#futureofwork: How AI will change fintech jobs, and advice to college grads how to benefit from this

  • The automation of the finance industry will hollow out jobs in that field in the same way that robotics and other technologies have reduced manufacturing employment. That is how:
    • Floor trader, of course, has long been the archetypal job on stock exchanges. But there are precious few left of them.
      • Most trading jobs have been taken over by servers running trading algorithms.
    • Much of Wall Street’s back office operations involve the performance of relatively structured tasks.
      • Many of these could probably be taken over by tools like robotic process automation, which can reach into multiple systems for needed data and apply rule-based decision logic.
    • Regulatory compliance has been one of the few growth areas in recent years on Wall Street, but systems from Digital Reasoning are automating internal fraud investigations.
      • IpSoft’s Amelia is focused in part on facilitating compliance in customer conversations.
      • Narrative Science automates the creation of anti-money laundering reports.
      • RAGE Frameworks automates the extraction of data for credit and wealth management, and can create automated compliance reports on the process.
    • Many entry-level jobs on Wall Street involve combing through data to make a case for a particular financial transaction. That is an it job:
      • Kensho, for example, is a startup that analyzes data on markets and generates reports on their implications.
  • Another common task of financial analysts and attorneys is to prepare disclosure data on a company’s financial history for potential investors.
    • iDisclose does that automatically.
  • Another common role in the finance industry is to provide investment advice.
    • The “robo-advisor” concept / automated advice is becoming pervasive at the lower end of investing.
      • Vanguard, Charles Schwab, and Fidelity have all taken some steps in that direction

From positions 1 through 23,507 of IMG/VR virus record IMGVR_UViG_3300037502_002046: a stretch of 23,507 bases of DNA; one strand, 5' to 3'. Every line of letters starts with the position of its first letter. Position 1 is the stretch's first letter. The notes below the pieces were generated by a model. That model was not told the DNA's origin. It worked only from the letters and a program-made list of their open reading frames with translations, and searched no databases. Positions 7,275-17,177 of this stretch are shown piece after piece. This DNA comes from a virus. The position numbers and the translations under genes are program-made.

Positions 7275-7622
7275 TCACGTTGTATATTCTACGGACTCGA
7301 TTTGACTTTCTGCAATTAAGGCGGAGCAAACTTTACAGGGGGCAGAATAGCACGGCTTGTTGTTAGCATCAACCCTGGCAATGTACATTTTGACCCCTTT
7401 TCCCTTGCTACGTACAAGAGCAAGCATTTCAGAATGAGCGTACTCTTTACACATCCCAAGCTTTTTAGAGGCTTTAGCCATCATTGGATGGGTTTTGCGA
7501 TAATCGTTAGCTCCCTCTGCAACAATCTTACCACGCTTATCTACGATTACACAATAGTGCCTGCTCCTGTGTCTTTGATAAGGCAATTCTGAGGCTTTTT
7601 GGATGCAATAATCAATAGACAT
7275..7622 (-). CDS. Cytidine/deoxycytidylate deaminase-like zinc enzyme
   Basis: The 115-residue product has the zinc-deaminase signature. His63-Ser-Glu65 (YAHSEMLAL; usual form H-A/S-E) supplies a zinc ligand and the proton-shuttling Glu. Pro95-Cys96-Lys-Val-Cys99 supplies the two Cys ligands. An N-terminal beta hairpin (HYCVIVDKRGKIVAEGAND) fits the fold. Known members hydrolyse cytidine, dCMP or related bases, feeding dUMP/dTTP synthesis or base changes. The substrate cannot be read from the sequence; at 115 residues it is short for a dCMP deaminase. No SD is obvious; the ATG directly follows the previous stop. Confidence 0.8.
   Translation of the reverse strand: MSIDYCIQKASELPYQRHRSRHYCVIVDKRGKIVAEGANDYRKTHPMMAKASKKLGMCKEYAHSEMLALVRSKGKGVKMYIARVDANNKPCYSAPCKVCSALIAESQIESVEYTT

• startups like Betterment, Wealthfront, and Personal Capital are pursuing Millennial customers with money to invest.
      • The capabilities already exist for higher-end versions of robo-advice, and a few banks like UBS have begun to explore them.
      • Investment advice is complex, data-intensive, and rapidly changing, so it seems very likely that there will be substantially fewer human investment advisors in the future.
  • There are other finance-oriented tasks that will be performed by automation, including some new ones involving ongoing financial management for consumers that should have been done by banks long ago.
  • It is a process: Job after job will be whittled away over time. Entry-level jobs will probably be the hardest hit; if you can teach a recent college grad to do a task, you can probably teach a machine to do it.
  • Advice for entry level grads:
    • There will be a substantial number of jobs that involve working alongside machines.
    • If you’re already familiar with key financial processes, you’ll have a much better chance of keeping your job if you learn to work alongside smart machines that perform key aspects of those processes — monitoring the machines, fixing them, and picking up the ball when they drop it.
    • Or you can become skilled at overseeing them, understanding when the financial world has changed and when the algorithms are no longer well-equipped to deal with it.
    • Finally, of course, there will be many jobs involved in building intelligent finance systems.

Source

 

Leave a Reply